Trademark disputes can arise in connection with any type of product or service, which is why today we’re going to talk about a Hawaiian sweet rolls trademark lawsuit. I apologize in advance if reading this post leads you to break your low-carb diet.
King’s Hawaiian is certainly the most well-known brand of Hawaiian-style sweet rolls. Most carb consumers are familiar with the pull-apart rolls in the distinctive orange bag.
Recently, King’s sued the Aldi grocery store chain over the allegedly infringing packaging that Aldi uses for their store brand of Hawaiian sweet rolls. The lawsuit is King’s v. Aldi. You can compare the two packages in the image above.
King’s claims that the Defendant, Aldi is violating their rights as follows:
Defendant is selling in the United States sweet rolls that intentionally and willfully employ product packaging that is confusingly similar to the distinctive packaging trade dress that King’s Hawaiian uses in connection with its KING’S HAWAIIAN Original Hawaiian Sweet Rolls. Defendant’s conduct is likely to cause consumers to be confused, deceived or mistaken into believing that there is an affiliation, connection or association between Defendant and King’s Hawaiian, or that Defendant’s products originate from or are sponsored by or approved by King’s Hawaiian. Defendant’s conduct is also likely to dilute the strength of King’s Hawaiian’s packaging trade dress as an identifier of source and diminish the goodwill King’s Hawaiian has developed therein.
What Is Trade Dress?
One of the core issues here is whether or not Aldi has infringed on King’s protectable “trade dress.” Trade Dress is, more or less, a form of trademark protection that applies to the look and feel of a business or product. The distinctive shape of a Coca-Cola bottle is one well-known example of protected trade dress.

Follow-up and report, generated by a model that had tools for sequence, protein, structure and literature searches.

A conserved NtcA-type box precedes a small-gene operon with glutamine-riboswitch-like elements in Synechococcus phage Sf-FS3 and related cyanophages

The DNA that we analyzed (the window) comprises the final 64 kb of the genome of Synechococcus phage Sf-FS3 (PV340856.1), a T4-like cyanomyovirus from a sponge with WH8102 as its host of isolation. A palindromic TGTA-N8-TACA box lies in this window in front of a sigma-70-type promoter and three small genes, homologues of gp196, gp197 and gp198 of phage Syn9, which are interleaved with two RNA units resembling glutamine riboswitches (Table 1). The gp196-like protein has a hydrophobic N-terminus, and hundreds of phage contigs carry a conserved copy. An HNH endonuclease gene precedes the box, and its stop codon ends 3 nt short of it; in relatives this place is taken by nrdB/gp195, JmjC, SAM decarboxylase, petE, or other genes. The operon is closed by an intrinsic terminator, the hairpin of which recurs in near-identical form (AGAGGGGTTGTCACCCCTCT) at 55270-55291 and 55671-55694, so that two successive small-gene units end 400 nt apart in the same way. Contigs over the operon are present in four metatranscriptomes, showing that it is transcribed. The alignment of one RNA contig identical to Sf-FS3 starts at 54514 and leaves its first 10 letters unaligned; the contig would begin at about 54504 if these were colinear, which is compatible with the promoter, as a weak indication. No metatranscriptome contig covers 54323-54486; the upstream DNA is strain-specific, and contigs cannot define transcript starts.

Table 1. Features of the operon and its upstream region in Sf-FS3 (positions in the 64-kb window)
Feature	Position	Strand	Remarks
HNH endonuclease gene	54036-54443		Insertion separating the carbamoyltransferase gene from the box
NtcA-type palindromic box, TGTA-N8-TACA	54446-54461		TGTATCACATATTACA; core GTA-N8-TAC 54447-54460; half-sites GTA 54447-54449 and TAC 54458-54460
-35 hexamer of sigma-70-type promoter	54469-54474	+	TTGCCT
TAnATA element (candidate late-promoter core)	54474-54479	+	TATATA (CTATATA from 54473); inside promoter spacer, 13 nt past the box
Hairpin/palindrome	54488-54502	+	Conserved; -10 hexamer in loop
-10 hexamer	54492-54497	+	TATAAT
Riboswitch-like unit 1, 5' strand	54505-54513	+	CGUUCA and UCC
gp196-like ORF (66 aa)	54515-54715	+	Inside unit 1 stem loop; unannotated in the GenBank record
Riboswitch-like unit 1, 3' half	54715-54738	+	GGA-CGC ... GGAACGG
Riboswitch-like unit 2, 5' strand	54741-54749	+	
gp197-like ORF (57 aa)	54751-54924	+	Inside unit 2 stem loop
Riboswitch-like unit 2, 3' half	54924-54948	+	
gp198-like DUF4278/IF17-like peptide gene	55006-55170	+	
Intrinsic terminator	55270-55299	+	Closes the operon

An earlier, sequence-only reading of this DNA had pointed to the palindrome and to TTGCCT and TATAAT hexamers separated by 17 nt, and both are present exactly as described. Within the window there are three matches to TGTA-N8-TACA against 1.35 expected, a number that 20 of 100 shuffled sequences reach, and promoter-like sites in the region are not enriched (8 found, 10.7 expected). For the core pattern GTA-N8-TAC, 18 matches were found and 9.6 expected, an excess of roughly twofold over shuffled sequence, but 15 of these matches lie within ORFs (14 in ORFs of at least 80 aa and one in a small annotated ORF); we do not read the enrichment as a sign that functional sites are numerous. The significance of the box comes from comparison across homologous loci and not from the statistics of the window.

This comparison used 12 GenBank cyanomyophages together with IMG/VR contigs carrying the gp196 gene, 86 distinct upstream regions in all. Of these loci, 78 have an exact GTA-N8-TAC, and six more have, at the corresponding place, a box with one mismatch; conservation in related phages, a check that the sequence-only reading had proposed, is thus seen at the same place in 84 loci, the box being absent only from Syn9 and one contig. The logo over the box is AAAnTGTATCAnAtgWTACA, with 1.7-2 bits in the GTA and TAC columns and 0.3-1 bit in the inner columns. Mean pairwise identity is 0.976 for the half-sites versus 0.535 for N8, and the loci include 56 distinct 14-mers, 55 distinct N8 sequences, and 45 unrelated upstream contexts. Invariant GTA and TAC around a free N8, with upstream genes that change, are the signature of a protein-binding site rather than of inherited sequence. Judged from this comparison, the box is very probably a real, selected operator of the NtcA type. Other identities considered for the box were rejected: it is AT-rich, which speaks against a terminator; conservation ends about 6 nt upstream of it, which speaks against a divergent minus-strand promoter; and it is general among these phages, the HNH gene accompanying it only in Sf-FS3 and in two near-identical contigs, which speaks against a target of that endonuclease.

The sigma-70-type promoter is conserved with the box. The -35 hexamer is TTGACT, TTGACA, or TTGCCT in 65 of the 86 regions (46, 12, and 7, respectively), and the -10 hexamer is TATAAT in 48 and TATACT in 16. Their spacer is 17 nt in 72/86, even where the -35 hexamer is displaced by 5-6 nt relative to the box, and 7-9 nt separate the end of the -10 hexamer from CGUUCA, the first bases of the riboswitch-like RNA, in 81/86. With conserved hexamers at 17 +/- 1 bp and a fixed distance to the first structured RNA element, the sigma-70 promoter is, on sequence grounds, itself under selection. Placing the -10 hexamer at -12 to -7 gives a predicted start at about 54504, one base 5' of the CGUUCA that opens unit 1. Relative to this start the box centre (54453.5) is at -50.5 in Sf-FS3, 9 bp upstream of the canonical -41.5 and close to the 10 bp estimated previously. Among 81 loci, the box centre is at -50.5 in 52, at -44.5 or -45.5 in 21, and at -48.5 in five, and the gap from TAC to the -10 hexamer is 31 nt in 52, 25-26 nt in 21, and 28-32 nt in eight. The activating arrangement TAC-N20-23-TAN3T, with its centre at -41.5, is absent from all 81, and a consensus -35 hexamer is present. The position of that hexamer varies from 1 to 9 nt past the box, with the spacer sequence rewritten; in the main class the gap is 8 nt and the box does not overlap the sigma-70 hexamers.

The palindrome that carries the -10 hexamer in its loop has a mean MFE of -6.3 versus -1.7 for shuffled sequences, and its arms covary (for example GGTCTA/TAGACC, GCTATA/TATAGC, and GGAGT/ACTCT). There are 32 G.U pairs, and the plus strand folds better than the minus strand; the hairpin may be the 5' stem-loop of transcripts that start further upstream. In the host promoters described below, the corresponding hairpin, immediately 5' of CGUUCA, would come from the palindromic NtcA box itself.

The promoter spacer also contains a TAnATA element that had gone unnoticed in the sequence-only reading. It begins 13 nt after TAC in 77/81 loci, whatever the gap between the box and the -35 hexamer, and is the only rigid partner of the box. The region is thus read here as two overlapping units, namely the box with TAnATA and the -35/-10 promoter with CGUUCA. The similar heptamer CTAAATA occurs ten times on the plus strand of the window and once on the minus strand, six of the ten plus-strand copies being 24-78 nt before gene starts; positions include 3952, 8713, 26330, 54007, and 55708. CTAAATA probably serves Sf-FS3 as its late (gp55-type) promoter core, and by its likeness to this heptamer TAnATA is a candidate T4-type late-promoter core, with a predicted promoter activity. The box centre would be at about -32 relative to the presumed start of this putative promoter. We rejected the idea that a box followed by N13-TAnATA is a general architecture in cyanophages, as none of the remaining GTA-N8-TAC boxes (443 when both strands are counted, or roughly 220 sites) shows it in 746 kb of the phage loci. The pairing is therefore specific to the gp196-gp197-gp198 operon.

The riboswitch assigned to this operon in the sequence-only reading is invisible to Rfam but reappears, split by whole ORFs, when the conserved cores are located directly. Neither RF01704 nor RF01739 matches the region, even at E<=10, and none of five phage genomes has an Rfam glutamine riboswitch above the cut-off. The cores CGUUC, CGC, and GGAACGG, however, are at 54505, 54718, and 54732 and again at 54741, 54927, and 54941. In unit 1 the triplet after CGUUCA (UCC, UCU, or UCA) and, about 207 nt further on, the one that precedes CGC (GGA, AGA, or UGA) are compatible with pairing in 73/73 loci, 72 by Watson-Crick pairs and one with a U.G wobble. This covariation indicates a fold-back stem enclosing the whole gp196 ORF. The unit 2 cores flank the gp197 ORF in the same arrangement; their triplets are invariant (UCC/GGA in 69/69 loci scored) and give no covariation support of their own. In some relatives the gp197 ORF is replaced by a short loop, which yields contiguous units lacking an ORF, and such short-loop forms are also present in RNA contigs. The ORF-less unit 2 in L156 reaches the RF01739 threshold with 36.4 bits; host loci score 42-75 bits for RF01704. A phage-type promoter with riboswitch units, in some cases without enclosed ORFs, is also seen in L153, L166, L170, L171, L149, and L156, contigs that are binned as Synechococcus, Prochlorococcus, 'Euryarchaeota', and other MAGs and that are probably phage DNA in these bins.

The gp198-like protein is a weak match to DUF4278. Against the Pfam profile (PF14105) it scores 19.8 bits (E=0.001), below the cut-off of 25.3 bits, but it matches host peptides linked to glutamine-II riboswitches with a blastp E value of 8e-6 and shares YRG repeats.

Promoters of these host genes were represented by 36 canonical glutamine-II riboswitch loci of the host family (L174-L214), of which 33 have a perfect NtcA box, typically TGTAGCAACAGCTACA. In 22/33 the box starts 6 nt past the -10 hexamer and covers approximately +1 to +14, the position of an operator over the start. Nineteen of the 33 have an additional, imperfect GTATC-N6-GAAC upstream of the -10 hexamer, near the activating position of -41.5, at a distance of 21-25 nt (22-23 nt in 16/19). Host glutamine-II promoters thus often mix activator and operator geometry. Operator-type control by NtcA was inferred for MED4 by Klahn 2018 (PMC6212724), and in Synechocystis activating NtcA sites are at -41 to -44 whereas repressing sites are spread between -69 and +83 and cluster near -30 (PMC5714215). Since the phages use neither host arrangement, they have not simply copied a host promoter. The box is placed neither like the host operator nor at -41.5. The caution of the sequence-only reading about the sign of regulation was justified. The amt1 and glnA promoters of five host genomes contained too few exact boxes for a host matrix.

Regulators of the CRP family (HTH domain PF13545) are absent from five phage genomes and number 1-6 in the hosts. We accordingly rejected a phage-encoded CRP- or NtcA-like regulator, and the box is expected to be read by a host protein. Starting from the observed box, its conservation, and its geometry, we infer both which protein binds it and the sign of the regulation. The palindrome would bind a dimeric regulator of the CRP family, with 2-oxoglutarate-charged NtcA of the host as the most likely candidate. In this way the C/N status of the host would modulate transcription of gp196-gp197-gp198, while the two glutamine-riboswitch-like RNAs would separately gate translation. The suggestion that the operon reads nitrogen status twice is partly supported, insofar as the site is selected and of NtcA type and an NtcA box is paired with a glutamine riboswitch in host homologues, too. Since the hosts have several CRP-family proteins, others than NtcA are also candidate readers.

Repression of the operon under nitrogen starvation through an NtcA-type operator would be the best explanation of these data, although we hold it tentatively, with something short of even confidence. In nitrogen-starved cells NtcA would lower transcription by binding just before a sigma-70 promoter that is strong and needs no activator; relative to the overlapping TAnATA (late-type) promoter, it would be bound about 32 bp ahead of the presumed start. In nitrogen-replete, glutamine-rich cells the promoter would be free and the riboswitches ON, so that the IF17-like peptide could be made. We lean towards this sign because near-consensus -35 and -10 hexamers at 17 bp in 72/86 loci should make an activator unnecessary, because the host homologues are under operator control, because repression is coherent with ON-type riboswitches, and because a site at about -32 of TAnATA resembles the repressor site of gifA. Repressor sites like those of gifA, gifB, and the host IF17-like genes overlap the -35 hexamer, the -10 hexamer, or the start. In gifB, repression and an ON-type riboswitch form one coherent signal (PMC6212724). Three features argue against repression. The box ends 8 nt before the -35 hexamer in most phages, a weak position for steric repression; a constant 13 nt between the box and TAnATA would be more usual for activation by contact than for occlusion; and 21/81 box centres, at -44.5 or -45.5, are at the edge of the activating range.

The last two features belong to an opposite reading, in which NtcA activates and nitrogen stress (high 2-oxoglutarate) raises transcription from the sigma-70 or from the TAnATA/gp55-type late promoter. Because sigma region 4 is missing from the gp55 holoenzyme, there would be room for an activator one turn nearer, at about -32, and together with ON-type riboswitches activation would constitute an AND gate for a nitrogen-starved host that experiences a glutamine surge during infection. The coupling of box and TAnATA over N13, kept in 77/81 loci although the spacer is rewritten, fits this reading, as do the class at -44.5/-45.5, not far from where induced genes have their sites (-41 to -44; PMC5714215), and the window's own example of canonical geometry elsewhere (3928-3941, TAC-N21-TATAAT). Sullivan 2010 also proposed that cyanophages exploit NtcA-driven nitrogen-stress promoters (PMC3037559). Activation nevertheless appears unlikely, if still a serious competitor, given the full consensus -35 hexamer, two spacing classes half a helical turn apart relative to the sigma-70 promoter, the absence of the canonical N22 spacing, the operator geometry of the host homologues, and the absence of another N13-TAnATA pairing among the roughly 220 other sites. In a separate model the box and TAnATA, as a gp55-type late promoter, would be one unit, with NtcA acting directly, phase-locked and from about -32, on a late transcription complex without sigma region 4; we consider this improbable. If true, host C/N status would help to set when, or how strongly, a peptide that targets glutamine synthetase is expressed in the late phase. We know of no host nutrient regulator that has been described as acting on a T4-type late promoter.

King’s has been in business since the 1950’s, but the distinctive packaging was introduced in 1983. They describe their packaging as including the following elements, which combine to form the distinctive trade dress:
(1) the prominent use of the color orange; (2) on the front of the package a clear window, with the color orange as the primary element around such clear window; (3) within the window, a light-colored element with contrasting writing; and (4) on the light-colored element, no word appears in larger font than the word “Hawaiian,” which is in a serif font…
The key takeaway here is that the trade dress in King’s packaging is made up of the combination of these elements. It’s certainly possible that a competitor could sell their bread rolls in a package that includes, say, a window with “a light-colored element with contrasting writing.”
King’s claims that Aldi has used all of these elements in their packaging and that they have…
…adopted and used its deceptively-similar packaging with the intent to trade off the enormous goodwill that King’s Hawaiian has earned in the King’s Hawaiian Sweet Roll Packaging Trade Dress, and the high-quality products with which it is used and, further, to cause consumers to be confused, deceived or mistaken into believing that there is an affiliation, connection or association between Defendant and King’s Hawaiian, or that Defendant’s sweet rolls originate from or are sponsored by or approved by King’s Hawaiian.
Does King’s Have a Good Case?
This seems like a clear-cut case of trade dress and trademark infringement. There’s no way Aldi could have selected all of these elements at random. They could only have done so with the intent to make their packaging similar to King’s packaging. There are an infinite number of ways that Aldi could have designed their bread roll packaging. I’m surprised the case has gotten this far, and I suspect that Aldi will settle rather than trying to defend their position through a long and costly trial.
The Key Takeaway
Make sure that the look and feel of your product (and the packaging, website, etc.) is not too similar to that of a more famous competitor.